So we draw the lines in a grid we created to the right dimension (so that no line outside of the grid). The drawing principle is pretty simple: when placing a line in the grid, we increment the value the corresponding points in the grid by 1. This means that the value of the Point in the grid represents the number of line going through that point.

In this sample of code, I want to focus a little bit on the use of std::minmax and the structured binding declaration in the line of code `auto[min, max] = std::minmax(line.start.y, line.end.y)`. Those 2 elements allows us, in one line of code to: find the minimum and the maximum value between 2 existing variables, and to create 2 new variables set to the minimum value and the maximum value.

Note: std::minmax also works with an array of values.

Finally, at the end of the drawing, each point in the grid will give us the information that we need, and counting them will give us the solution we are looking for:

```const auto numberOfDangerousAreas = std::accumulate(std::begin(grid), std::end(grid), 0, [](const auto& sum, const auto& line){
return sum + std::count_if(std::begin(line), std::end(line), [](const auto& point){ return point >= 2; });
});
std::cout << "The solution is: " << numberOfDangerousAreas << std::endl;
```

We could have use 2 for loop and a "counter" variable to obtain the same result, but here, we heavily used the `std` functions available in order to be more expressive, more English-like, about what it happening to external readers. So, to calculate the number of dangerous areas, we `accumulate` the number of of dangerous area found on each line, and for the number of dangerous areas on each line, we `count` the point `if` its value is over `2`. So std::accumulate and std::count_if are totally appropriate to determinate the result we are looking for.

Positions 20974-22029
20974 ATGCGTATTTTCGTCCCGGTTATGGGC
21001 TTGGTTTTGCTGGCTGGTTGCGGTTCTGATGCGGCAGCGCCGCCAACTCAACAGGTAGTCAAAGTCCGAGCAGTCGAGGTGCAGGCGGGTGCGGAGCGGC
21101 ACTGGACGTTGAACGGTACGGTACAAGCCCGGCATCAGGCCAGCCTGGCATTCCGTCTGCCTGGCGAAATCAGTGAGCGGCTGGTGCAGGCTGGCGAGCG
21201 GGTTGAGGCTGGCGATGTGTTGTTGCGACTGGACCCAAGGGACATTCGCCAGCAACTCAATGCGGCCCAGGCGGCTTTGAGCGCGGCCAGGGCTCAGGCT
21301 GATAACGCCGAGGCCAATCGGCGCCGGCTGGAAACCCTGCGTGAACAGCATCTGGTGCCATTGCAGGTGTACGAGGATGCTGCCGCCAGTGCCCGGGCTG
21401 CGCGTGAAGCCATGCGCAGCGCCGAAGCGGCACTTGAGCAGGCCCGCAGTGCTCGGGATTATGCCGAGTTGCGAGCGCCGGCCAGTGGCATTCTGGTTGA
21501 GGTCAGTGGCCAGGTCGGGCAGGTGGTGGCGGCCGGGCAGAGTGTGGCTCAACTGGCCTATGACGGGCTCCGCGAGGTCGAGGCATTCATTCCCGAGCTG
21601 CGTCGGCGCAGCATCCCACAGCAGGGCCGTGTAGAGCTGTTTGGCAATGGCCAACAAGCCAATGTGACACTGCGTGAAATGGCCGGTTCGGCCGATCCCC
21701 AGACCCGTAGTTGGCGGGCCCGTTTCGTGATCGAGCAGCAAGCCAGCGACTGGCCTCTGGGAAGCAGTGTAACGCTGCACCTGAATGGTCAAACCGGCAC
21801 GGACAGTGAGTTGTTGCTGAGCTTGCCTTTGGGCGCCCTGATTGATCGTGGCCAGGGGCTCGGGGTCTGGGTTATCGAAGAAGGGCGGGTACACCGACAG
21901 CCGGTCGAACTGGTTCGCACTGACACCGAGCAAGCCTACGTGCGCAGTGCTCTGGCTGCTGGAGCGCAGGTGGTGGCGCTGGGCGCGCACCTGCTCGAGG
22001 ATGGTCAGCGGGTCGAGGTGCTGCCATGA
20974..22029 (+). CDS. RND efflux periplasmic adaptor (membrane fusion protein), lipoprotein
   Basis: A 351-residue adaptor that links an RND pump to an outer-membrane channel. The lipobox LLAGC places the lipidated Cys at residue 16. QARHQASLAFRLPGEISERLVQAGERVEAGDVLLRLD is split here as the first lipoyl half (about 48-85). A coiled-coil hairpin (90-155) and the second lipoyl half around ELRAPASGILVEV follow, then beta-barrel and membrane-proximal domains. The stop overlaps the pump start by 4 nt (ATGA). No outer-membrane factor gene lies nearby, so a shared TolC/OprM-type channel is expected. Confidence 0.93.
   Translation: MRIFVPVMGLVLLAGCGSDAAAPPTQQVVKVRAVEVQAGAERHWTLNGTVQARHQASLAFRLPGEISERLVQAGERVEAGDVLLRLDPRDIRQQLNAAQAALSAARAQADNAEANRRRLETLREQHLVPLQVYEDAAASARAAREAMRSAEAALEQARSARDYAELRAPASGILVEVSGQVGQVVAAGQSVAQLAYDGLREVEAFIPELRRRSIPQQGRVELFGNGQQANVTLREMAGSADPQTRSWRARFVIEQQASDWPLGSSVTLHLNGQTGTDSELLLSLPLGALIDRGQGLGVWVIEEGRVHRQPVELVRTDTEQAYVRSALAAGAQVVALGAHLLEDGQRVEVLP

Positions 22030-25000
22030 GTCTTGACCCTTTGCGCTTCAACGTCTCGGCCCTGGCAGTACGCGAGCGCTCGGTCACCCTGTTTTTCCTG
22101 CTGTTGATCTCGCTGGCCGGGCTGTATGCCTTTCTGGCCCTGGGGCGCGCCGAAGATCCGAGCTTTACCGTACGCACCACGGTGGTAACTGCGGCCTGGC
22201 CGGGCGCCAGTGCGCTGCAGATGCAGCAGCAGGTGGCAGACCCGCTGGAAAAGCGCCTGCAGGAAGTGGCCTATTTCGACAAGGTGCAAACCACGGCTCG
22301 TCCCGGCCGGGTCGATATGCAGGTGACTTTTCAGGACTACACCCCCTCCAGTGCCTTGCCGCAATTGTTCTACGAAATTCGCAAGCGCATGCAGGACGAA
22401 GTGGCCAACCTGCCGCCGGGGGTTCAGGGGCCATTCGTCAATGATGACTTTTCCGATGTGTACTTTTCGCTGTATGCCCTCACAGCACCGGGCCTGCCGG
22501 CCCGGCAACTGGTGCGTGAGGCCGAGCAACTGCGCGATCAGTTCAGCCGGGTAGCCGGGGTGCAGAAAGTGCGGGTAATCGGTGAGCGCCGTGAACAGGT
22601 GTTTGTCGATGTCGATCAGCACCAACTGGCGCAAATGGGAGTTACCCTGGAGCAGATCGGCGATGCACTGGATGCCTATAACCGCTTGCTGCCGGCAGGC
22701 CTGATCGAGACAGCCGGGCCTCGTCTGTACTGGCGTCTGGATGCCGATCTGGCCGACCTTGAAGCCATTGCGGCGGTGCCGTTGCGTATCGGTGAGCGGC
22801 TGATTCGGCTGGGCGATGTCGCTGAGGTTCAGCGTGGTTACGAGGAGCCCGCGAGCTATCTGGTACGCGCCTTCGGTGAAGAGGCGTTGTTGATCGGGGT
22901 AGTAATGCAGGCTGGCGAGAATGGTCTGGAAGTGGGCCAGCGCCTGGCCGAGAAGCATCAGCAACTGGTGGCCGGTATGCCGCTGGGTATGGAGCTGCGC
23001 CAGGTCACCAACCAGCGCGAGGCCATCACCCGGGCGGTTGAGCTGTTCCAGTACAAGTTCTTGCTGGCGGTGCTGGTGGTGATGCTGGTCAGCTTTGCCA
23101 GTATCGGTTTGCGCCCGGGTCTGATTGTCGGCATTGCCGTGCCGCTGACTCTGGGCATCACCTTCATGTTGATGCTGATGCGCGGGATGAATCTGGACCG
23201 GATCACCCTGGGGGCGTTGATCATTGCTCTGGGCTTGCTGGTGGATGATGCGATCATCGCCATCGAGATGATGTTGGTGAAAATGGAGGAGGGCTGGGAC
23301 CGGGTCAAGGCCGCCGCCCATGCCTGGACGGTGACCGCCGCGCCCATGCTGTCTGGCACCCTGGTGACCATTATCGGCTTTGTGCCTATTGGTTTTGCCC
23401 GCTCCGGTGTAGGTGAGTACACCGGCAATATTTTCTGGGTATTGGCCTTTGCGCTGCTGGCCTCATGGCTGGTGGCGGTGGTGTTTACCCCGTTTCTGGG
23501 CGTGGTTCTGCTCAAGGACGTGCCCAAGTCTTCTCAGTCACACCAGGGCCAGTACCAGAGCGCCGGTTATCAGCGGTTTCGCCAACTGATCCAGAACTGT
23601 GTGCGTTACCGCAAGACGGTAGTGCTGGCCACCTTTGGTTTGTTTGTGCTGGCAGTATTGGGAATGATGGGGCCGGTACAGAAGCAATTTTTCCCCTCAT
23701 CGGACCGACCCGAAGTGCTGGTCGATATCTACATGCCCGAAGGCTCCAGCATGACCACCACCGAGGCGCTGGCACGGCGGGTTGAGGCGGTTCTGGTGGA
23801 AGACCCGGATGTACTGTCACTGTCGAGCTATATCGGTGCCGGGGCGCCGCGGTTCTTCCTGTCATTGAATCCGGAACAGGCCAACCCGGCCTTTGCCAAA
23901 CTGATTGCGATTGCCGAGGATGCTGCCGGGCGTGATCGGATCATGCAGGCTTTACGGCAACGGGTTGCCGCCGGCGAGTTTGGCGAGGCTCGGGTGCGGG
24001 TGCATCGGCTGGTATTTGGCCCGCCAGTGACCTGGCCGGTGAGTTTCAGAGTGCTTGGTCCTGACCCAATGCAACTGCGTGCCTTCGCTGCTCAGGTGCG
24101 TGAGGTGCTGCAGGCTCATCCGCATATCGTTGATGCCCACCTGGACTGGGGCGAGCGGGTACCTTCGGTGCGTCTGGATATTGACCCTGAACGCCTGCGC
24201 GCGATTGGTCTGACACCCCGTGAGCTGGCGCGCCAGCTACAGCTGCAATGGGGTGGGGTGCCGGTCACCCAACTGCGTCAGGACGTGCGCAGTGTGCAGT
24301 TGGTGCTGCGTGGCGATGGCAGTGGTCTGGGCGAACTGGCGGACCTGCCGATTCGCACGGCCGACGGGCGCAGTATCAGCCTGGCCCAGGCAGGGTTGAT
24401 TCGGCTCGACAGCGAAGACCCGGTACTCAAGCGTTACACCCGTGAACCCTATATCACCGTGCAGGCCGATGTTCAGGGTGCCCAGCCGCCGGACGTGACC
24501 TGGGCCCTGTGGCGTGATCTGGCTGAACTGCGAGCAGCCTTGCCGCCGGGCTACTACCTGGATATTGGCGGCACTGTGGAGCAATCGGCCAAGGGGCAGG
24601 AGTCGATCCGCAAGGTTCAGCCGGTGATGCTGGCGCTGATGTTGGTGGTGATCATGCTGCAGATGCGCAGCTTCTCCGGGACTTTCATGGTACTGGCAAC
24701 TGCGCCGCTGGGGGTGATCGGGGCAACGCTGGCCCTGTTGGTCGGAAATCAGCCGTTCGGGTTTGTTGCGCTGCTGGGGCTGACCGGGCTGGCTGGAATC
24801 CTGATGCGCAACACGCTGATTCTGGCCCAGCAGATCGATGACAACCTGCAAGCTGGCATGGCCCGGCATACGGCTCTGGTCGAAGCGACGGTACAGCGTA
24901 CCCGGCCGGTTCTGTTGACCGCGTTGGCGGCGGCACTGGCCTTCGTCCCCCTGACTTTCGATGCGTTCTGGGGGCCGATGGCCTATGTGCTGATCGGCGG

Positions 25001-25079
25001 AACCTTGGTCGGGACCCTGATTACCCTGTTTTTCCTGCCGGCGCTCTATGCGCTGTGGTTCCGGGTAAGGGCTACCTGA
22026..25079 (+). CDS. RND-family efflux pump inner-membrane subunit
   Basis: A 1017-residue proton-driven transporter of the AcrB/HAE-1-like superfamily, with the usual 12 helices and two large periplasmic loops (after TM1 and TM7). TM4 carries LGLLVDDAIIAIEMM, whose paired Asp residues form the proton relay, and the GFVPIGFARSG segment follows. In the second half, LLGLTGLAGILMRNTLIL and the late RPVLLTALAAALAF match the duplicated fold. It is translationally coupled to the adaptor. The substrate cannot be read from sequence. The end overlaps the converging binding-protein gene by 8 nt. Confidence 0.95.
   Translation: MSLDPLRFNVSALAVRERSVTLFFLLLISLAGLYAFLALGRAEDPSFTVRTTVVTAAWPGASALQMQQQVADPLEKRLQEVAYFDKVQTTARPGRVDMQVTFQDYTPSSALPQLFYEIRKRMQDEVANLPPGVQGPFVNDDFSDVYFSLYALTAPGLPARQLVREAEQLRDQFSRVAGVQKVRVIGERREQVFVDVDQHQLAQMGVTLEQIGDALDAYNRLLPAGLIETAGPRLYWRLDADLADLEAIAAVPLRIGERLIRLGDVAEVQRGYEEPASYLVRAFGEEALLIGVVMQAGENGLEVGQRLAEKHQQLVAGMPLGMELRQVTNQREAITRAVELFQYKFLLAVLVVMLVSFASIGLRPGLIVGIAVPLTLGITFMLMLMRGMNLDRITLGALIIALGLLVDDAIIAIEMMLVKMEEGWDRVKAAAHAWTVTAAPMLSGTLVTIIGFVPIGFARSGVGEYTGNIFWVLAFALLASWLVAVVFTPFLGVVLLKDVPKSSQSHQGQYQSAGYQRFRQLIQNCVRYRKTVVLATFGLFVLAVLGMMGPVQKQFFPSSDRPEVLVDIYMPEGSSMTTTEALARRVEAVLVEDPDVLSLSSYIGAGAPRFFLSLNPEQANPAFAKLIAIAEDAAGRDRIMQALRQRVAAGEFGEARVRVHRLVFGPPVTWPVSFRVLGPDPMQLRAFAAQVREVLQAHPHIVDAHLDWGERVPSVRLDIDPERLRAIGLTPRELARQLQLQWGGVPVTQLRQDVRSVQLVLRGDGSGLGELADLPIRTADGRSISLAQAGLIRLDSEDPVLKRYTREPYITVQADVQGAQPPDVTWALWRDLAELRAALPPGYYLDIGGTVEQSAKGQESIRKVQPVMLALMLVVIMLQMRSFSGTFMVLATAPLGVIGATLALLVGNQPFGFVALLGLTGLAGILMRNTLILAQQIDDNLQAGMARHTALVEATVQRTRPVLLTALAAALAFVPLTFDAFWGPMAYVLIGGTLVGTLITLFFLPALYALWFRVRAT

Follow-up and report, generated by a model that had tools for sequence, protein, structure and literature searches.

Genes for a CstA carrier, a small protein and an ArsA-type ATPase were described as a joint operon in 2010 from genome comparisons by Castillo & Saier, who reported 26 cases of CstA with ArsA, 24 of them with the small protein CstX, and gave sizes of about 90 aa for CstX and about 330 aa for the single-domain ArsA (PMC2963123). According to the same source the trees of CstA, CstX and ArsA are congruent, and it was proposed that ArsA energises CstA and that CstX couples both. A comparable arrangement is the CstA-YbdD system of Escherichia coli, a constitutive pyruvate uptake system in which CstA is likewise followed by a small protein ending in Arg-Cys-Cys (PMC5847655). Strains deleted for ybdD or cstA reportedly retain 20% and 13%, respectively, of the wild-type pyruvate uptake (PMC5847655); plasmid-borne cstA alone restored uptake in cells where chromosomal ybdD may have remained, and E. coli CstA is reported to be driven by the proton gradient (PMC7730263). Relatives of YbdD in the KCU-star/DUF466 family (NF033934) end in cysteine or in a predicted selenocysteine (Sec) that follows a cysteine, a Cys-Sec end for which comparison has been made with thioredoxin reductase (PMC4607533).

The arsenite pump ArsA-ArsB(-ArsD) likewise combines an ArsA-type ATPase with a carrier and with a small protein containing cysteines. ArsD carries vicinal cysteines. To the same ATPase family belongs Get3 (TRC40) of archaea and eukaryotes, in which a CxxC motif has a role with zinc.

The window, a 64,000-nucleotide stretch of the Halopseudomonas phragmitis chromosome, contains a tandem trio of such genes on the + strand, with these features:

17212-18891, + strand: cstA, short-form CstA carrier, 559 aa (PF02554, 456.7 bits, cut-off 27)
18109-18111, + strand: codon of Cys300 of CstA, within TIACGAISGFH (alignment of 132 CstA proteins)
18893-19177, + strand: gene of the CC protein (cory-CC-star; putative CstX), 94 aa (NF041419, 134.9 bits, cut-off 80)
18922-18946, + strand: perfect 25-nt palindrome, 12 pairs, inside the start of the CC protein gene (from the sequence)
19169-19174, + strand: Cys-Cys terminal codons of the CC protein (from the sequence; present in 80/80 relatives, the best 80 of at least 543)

[Spoiler] Problem Answer The puzzle answer was 5608.

## Part 2

### Problem

For the second part of the problem, today, we are only going to add the diagonal lines to the evaluation of the dangerous areas. But not all the diagonal line, only the one which are 45° (which makes the problem easier).

### Solution

The solution for this part is almost the same than for the previous part. We only need to one function and a if statement when drawing the lines in the grid.

```constexpr bool isDiagonal(const Line& line) {
return std::abs(line.start.x - line.end.x) == std::abs(line.start.y - line.end.y);
}
```

There isn’t much to say about this function. The characteristic of diagonal lines which are 45° is that the difference between the start and the end of the line on the X axis is the same than the one of the Y axis.

Then, in the drawing loop, we draw the diagonal lines:

```if(isDiagonal(line))
{
auto lineSize = std::abs(line.start.x - line.end.x);
auto xdirection = (line.start.x - line.end.x) < 0 ? 1 : -1 ;
auto ydirection = (line.start.y - line.end.y) < 0 ? 1 : -1 ;
for(int i = 0; i<= lineSize; ++i)
{
++grid[line.start.x + (i * xdirection)][line.start.y + (i * ydirection)];
}
}
```

In this small code, we determine the direction of the line, in order to draw the line from the starting point to end of the line. Not much to say about that, but with this modification, then the code which determine the number of dangerous areas now uses the grid draw with the diagonal line, giving us the answer to this part of the problem 😉

[Spoiler] Problem Answer The puzzle answer was 20299.

## Conclusion

You can note that the solutions written in this post, don’t include all the sources to make running programs, but only the interesting part of the sources to solve this problem. If you want to see the programs from end to end, you can go on my GitHub account, explore the full solution, add comments or ask questions if you want to, on the platform you read this article, it will also help me improve the quality of my articles.

Thank you all for reading this article, And until my next article, have a splendid day 😉